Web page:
Depressive symptoms, burnout and the impact of events in non-professional volunteer counselors in Durban, South Africa
Kaufman therapy, Israel
Scientific Tracks Abstracts: J Psychiatry
The purpose of this workshop is to present a working model that helps the therapist to provide a fast and focused psychological first help to the citizen at the scene of disaster and emergency. In the recent years, I found myself working in an increasingly dangerous environment, taking quick decisions and detect necessary actions for the patient in the field, and often place myself in actual danger, or mentally and physically. My desire to work in the heat of disaster occurrence encourages me to try many tools that have helped me at the therapeutic level; some tools were adopted and some of them were built by the needs on the field. I based this model on my experience and my work in Israel - with security and civil institutions, Liberia - working with mental health and social workers after the Ebola crisis and civil war and Ecuador by working with citizens, therapists and security institutions after the earthquake. As a therapist specializing in grief and bereavement which operates mainly on the cognitive approach, I felt confident to reach the surface and take action. And then I realized that I should adapt the tools to the rapid rhythm and changing realities on the field. Therefore, I decided to build a formula of tools that will help the therapist in the field and maximize the opportunity (sometimes is unique) to assist people affected by the disaster. I found that a combination of several steps can make a difference for the patient to cope the new reality which includes: 1) Ventilation: exploring the traumatic event. 2) Information: get focused on the narrative and find a way to organize the information. 3) Organization: reorganization of the trauma and build a new i.e. re-conceptualize. 4) Self-care: search for an initial solution and creating a toolbox for coping and adaptation the new reality. In conclusion, emergencies and disasters happen suddenly. They invite the patient to readjust to the new unwanted and forced reality. On the other hand, they invite and challenge the therapist to address the problem targeted in a rapid way to help, adjust and normalize this new reality. In my view, this model may help bridge that gap.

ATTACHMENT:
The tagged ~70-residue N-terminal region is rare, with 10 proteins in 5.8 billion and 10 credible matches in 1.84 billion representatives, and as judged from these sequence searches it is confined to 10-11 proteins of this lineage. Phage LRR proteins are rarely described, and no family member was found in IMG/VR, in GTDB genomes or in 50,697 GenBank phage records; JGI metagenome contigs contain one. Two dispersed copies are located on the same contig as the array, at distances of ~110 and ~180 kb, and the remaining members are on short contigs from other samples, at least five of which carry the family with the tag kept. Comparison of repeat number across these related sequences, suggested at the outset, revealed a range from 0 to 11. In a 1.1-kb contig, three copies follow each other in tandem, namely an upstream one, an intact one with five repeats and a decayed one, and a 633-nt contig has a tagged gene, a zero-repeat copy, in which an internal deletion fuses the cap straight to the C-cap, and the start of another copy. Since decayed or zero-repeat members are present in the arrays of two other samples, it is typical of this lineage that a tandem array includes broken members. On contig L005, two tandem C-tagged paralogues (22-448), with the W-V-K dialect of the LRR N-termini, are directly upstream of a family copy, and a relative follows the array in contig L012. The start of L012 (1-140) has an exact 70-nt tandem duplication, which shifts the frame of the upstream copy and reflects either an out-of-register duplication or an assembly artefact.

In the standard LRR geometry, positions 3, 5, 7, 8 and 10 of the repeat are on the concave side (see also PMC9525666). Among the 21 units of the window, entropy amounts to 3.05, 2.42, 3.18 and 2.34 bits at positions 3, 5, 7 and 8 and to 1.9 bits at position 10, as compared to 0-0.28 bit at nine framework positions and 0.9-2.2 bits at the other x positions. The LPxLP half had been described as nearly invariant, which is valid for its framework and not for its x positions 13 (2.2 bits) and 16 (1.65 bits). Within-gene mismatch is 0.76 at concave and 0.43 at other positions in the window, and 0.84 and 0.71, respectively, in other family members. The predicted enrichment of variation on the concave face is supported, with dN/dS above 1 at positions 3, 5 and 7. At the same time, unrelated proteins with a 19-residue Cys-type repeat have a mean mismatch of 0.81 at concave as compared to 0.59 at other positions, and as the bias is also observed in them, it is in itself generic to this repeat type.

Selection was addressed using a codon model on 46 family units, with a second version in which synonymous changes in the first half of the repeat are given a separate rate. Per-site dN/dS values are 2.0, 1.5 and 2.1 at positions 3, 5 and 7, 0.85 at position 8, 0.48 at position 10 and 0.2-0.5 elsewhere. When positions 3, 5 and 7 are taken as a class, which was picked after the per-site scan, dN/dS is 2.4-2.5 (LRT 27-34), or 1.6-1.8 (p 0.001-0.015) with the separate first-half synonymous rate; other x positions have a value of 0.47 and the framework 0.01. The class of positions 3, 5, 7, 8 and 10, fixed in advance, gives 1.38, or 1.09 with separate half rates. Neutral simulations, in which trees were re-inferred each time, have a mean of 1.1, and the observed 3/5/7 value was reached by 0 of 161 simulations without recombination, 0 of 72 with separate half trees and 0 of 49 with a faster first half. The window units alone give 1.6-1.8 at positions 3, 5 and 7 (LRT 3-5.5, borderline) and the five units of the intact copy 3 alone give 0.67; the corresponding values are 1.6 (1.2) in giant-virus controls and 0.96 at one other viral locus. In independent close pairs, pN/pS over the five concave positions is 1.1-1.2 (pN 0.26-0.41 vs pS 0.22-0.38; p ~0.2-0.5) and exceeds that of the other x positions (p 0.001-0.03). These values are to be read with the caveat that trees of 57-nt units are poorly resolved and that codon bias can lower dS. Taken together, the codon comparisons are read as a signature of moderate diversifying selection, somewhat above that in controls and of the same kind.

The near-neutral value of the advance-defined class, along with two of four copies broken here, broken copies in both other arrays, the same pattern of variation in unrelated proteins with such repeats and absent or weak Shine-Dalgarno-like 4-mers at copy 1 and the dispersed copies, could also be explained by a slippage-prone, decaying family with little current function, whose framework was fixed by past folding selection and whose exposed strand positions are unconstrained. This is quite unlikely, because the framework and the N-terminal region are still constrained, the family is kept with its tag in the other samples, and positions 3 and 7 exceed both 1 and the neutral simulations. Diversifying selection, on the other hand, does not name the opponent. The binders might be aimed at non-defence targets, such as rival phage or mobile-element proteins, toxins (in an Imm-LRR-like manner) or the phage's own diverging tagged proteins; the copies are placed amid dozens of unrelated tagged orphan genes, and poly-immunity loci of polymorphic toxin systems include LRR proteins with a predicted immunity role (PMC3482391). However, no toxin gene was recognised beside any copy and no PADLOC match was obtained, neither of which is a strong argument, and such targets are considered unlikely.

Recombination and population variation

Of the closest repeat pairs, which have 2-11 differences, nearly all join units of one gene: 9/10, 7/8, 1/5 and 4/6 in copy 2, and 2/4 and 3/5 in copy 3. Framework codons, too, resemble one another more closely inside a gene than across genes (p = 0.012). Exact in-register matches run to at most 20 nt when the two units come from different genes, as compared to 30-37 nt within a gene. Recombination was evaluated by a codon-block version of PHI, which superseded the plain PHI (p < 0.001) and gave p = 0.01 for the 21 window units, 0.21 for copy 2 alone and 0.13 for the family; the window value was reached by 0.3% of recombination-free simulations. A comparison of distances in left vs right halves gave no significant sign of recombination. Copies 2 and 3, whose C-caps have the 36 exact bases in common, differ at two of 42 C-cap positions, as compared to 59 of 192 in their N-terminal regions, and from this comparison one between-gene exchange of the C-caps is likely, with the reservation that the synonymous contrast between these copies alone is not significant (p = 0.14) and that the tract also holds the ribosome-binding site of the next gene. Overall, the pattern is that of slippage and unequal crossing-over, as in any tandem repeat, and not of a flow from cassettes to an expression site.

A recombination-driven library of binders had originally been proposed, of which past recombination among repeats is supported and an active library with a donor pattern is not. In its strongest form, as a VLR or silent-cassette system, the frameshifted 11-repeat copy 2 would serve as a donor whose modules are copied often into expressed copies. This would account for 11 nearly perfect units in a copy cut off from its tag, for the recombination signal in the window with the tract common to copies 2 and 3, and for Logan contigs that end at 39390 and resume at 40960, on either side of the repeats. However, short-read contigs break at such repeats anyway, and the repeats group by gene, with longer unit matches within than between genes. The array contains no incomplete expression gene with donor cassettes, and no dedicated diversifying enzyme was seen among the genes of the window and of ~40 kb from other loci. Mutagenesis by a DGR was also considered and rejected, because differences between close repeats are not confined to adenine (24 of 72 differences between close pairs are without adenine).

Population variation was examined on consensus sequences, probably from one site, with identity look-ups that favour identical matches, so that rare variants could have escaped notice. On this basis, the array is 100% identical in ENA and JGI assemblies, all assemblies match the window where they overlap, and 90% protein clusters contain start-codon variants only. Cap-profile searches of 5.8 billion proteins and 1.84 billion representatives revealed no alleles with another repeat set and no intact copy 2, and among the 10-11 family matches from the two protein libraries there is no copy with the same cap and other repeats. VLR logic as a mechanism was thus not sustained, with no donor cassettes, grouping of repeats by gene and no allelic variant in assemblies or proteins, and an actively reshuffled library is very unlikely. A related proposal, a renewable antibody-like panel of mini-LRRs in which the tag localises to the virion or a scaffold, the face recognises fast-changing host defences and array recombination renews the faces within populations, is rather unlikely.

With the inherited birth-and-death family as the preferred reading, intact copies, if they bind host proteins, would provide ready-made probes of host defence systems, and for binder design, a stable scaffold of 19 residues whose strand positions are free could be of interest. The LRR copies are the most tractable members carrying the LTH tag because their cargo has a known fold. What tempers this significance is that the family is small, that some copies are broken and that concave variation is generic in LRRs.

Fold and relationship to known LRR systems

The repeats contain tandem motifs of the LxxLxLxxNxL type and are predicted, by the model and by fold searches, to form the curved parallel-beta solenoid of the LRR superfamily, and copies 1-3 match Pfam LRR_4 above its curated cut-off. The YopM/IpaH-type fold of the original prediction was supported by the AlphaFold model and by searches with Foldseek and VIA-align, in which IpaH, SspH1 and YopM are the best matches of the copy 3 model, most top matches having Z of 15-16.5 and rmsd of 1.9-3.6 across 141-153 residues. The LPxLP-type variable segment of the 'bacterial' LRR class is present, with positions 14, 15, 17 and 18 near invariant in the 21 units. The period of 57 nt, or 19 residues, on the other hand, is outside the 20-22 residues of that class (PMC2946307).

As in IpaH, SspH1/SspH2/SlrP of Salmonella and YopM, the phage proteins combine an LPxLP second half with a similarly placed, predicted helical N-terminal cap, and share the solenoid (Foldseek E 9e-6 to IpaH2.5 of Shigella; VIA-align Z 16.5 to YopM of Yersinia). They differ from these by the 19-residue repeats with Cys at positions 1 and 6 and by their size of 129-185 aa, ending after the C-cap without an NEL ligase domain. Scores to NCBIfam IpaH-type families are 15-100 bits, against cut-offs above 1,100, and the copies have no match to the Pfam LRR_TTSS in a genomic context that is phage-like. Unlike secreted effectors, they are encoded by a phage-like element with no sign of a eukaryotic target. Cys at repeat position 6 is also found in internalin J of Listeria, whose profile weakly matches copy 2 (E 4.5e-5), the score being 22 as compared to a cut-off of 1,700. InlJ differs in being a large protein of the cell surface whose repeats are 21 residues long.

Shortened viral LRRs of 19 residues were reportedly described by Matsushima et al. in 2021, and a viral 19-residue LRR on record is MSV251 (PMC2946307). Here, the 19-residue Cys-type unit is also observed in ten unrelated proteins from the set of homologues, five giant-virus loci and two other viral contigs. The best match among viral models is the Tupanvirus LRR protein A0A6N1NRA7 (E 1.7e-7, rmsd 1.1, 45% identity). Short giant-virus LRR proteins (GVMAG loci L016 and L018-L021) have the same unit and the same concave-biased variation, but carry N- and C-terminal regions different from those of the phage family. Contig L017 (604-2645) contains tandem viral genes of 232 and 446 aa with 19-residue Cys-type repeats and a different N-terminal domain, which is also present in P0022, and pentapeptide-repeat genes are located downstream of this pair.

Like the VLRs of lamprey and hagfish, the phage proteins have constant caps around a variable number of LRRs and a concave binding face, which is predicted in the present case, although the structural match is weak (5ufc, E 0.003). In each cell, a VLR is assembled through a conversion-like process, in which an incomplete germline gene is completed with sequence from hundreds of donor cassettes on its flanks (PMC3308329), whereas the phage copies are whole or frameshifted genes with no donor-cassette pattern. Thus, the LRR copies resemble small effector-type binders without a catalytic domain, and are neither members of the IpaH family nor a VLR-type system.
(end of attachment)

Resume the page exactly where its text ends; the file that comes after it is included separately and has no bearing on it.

Einat kaufman is an Cognitive Psychotherapist, expert in trauma, grief and bereavement (Master in psychology, Psy candidates in psychology). She works in a private clinic as a therapist and a counselling to security forces at the government of Israel. Take part in several missions as first aid psychosocial all over the world after disasters.